Can you believe that the Winter Meetings are already just around the corner, less than a week away? Let’s take an early look at where the Twins’ needs stand ahead of baseball’s annual get-together.
1. A Correa reunion
On a macro scale, it seems that the course of this Twins offseason will come down to the question of whether they’ll be able to bring back Carlos Correa and keep the star shortstop in a Twins uniform for the foreseeable future.
Even with Kyle Farmer in the mix following a trade with the Reds, the Twins have money to spend, a preexisting relationship with Correa and a need for difference-making talent. By all accounts, from Correa himself to his teammates, the shortstop really did enjoy his time in Minnesota -- but selling a star-level player on the Twins is never a given.
If the Twins are going to commit long-term to a player in a manner that this front office hasn’t before, Correa would fit the bill perfectly as a player who is still only 28, is a key clubhouse leader and, again, really enjoyed Minnesota.
“I talk to him just about every week,” Byron Buxton said. “Me and him have a great relationship. I know what he wants to do. He knows what he wants to do. It's up to [the Twins] to go back and get him. So it's the bottom line. He wants to be here. It's up to us to go get him.”
2. A timeshare catcher
With Gary Sánchez, Sandy León and Caleb Hamilton all gone, the Twins have only Ryan Jeffers on their 40-man roster to cover catching duties. Their strong preference under manager Rocco Baldelli has been to split time behind the plate between two players, and president of baseball operations Derek Falvey has indicated that will, once again, be Minnesota's goal.
The Twins don’t have internal options either, meaning that they’ll either have to dive into a free-agent class headlined by Willson Contreras (with Mike Zunino or Omar Narváez behind him) or swing a trade, perhaps with the catching-heavy Blue Jays (though Minnesota's farm system is already rather depleted by its flurry of trades).
3. A right-handed bat (perhaps in the outfield)
The Twins’ corner outfield options skew quite heavily left-handed, and that grows even more imbalanced when Buxton has been sidelined by injury. Kyle Garlick and Gilberto Celestino are the other right-handed outfielders, meaning that a productive right-handed hitter with some pop who is capable of playing outfield (and DHing) could do a lot to round out this roster construction. Mitch Haniger could be an interesting name.
4. A top-tier starter
The high end of the starting market currently involves Carlos Rodón, Justin Verlander and Jacob deGrom, and all come with their risks (and competition). But especially if the Twins miss on Correa and the other big shortstops, there’s an argument that now is a better time than any for Minnesota to make a riskier pitching acquisition.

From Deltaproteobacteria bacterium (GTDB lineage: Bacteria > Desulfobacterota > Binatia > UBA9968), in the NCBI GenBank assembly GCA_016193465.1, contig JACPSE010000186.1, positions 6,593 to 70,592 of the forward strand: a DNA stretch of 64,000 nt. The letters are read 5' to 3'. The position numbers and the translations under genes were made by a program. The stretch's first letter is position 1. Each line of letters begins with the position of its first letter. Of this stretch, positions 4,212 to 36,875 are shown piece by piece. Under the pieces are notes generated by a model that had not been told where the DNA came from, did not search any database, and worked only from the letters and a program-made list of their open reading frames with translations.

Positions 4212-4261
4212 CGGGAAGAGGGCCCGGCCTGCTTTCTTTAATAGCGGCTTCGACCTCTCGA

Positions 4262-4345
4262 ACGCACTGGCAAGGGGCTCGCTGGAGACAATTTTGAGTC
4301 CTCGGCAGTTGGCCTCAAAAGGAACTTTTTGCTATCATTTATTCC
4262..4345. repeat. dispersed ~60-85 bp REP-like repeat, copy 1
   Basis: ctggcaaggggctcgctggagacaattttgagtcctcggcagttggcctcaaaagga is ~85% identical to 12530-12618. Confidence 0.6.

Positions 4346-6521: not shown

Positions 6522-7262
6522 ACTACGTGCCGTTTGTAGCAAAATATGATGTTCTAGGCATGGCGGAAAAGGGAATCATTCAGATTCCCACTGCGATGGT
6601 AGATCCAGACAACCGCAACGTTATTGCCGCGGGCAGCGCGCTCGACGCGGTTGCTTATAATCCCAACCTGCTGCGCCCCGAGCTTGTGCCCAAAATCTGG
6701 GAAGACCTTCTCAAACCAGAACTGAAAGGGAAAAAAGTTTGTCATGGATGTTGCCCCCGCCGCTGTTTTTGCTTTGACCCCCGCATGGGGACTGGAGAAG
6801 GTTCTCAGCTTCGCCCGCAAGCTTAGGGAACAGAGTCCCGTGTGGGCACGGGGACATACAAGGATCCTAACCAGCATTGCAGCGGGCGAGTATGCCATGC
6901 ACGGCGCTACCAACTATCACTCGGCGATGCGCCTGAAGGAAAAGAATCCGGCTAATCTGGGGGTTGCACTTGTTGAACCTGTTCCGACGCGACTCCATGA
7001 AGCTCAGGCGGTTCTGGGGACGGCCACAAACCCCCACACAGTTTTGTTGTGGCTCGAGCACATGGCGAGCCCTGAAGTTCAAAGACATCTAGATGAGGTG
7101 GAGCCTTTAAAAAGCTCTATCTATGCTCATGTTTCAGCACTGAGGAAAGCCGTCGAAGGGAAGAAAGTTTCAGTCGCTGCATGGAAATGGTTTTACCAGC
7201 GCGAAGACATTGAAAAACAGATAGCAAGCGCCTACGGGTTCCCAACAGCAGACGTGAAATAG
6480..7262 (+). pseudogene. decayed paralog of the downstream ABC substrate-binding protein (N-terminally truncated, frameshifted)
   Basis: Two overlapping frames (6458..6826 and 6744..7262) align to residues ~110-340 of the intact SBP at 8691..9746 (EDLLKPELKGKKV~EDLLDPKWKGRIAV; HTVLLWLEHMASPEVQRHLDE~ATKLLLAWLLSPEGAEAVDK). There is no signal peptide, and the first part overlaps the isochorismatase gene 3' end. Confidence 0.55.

The club already has a full starting five -- Sonny Gray, Tyler Mahle, Kenta Maeda, Joe Ryan and Bailey Ober -- with depth behind them in Josh Winder, Louie Varland and Simeon Woods Richardson. There’s no need to raise the floor. The way to make a difference would be to invest in a pitcher who would raise the ceiling -- and all that depth (including the full starting five on paper) could help mitigate the downside of injury risk.
Among players with at least 20 tracked “competitive runs” in 2022 by Statcast, it’s no surprise that Byron Buxton ranked first on the Twins in sprint speed. Who ranked second?
A) Jorge Polanco
B) Gilberto Celestino
C) Nick Gordon
D) Matt Wallner
Luis Arraez earned just about every accolade he could have hoped for in 2022. Not only did he claim his first American League batting title on the final day of the regular season, but he was also an All-Star for the first time, earned the AL Silver Slugger Award for utility players, and even got down-ballot AL Most Valuable Player Award votes.
“It's special,” Arraez said. “It's special, especially for my family, too. I just play hard for -- not for me, but I play hard for my family, for my teammates. I want to say thanks to my teammates. They supported me a lot.”
So, what’s his next goal?
“I want to win the Gold Glove one time,” Arraez said. “I want to win the Gold Glove. I just need to work hard and stay healthy.”
He actually got close to that this season, too, finishing as an AL Gold Glove finalist at first base, where Vladimir Guerrero Jr. ultimately took home the hardware. Considering Arraez’s defense has never been the strength of his game, that’s already significant progress -- but he’s been hard at work with Nelson Cruz during the offseasons to work on his troublesome knees and overall physique to ensure that he’s in better position on the defensive side, too.
An additional challenge for Arraez is that he doesn’t know where to prepare defensively, as the Twins are likely to want Alex Kirilloff to get frequent action at first base, with Polanco also set at second base. Arraez has already had to move around according to the Twins’ needs over the years, from second to third to left field to, now, first base.
How will he prepare for an uncertain defensive future?
“I just want to work hard in how I take ground balls,” Arraez said. “If I take ground balls at shortstop, especially, I can take ground balls at any position.”
D) Matt Wallner
You might not think of the slugging corner outfielder as being a burner on the basepaths, but the numbers don’t lie: Wallner’s sprint speed was comparable to Royce Lewis in a small sample size this season. Once the big man (6-foot-5, 220 pounds) gets going, he’s moving.
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